How do flowers help your vegetables grow? Some special plants have natural pest-repelling properties. If you’re frustrated with battling garden pests who eat the tasty stuff that you’re trying to grow before you can, but are understandably leery of using pesticides on your food, try planting a few of these five flowers in your vegetable garden. They’ll protect your veggies — and they’re edible too.
Basil (ocimum basilicum)
With pale lavender, soft pink or striking white flowers, basil is an herb that looks as good as it tastes. But it’s much more than a pretty face; its oils reportedly encourage mosquitoes, thripes and flies to keep their distance. While basil shouldn’t be planted near rue because the two herbs don’t play nicely together, many gardeners plant this herb near their tomatoes and peppers. They credit it for bigger, more luscious fruits. Out of the garden, tomatoes, peppers and basil flowers or leaves make a terrific combo in a salad or pasta dish.
Bee Balm (monarda didyma)
Bee balm, also known as horsemint, may not be the first plant that pops into your head as you’re designing your garden, but it’s a great addition. With flower heads made up of firework bursts of vibrantly hued tubular flowers in red, pink and white, it draws the pollinators like bees and butterflies plants need to thrive and supposedly deters soil pests. According to WhatsCookingAmerica.net, bee balm has a flavor not unlike oregano or mint, with just a hint of citrus. Its flowers and leaves can be tossed into a salad or brewed into tea. Just remember to keep a close eye on this easy-growing plant. Under the right conditions, it will spread very quickly.
Dahlia (dahlia spp.)
With a rainbow of colors that includes red, orange, yellow, pink, purple and white, dahlias are striking spiky flowers that repel nematodes and attract people and pollinators. As Mother Earth News explains, the petals and bulbs of these flashy flowers are also edible. Flavor and texture vary by variety and the soil used to grow them.
Garlic (allium sativum)
One of my absolute favorite flavors, garlic is part of the flowering onion family. Besides bringing cheerful white or pink blossoms to the garden party, it keeps uninvited guests like snails, Japanese beetles, aphids, carrot flies and root maggots away, explains garden expert P. Allen Smith. Most people are familiar with the zesty punch of the garlic bulb, but the entire plant is edible. The flowers and leaves are milder than the bulb and make a tasty addition to salads, soups and other dishes.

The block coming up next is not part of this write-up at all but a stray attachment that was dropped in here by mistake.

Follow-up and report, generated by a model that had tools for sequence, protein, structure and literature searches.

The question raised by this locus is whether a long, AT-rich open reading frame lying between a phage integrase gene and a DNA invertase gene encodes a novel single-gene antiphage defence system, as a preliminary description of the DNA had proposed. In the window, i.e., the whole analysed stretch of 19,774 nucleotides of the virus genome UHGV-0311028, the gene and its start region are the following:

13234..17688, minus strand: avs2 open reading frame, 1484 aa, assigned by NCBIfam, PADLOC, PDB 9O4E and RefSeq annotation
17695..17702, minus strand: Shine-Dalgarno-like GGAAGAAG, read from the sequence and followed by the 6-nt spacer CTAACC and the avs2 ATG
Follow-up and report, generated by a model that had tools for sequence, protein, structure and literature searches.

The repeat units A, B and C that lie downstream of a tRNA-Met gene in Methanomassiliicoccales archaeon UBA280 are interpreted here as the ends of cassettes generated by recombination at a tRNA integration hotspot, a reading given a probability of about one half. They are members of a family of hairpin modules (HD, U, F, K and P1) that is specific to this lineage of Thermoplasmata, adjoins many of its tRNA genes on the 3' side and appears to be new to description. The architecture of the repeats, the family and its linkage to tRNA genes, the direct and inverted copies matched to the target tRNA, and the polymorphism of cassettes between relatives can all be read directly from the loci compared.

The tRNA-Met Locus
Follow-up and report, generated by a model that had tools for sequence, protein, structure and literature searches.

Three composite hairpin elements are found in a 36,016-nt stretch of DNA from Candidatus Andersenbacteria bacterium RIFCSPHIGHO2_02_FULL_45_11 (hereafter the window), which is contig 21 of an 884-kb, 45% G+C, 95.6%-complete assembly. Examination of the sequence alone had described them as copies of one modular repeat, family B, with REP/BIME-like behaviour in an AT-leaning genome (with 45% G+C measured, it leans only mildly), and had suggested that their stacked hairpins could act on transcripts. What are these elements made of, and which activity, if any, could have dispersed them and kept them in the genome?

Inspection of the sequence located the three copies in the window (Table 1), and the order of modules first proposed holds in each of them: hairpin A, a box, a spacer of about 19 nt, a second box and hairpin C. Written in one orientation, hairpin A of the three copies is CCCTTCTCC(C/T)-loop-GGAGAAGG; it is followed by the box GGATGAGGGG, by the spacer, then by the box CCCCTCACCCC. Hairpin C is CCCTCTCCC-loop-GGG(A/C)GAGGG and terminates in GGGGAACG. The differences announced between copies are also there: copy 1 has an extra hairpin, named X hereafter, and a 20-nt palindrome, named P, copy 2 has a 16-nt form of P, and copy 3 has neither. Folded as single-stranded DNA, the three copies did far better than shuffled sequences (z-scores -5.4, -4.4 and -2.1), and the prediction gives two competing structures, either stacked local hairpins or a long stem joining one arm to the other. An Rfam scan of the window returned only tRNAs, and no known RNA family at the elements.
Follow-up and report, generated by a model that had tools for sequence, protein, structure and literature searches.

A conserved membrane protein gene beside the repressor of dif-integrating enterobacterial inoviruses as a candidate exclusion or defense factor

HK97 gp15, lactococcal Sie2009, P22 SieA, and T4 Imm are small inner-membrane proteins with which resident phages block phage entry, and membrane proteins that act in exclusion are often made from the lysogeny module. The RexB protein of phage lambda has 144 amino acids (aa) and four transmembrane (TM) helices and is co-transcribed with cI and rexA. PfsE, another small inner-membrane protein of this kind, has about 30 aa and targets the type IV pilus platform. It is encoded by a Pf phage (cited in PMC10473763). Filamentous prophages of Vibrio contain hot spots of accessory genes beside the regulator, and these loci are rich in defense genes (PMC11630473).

Thyme (thymus vulgaris)
Thym’s gray-green leaves and delicate flowers in pale purples, blues, whites and pinks, attract flower lovers and pollinators. Upping the ante for gardeners, SF Gate reports that this woody plant also repels slugs, cabbage worms and other creep-crawling pests. Already a familiar presence in many spice racks, thyme flowers and leaves can be used anywhere you would use the dried herb.
Despite being descended from a long line of farmers, the green thumb gene skipped me. But, I enjoy gardening and truly relish raising fresh, pesticide-free food for my family. Store bought just never tastes as good as homegrown! I’ve gleefully devoured my share of the delicious strawberries, tomatoes and peppers we’ve grown, yet I haven’t quite found the daring to sample some of the flowers we use to deter pests. Regardless of my culinary cowardice, I do delight in their beauty — and their help in discouraging destructive garden pests.
Want more pest fighting flowers to protect your vegetable garden? Check out “Plant These Five Flowers for a Better Vegetable Garden.” For container gardening tips, visit “Safe Plastics for Gardening.”
“Bee Balm” — Weekend Gardener
“Edible Dahlia Bulbs” — Mother Earth News
“Edible Flowers are the New Rage in Haute Cusine” — whatscookingamerica.net
“Perennial Flowers that Repel Insects” — SF Gate
“Pest Control Plants” — P. Allen Smith Garden Home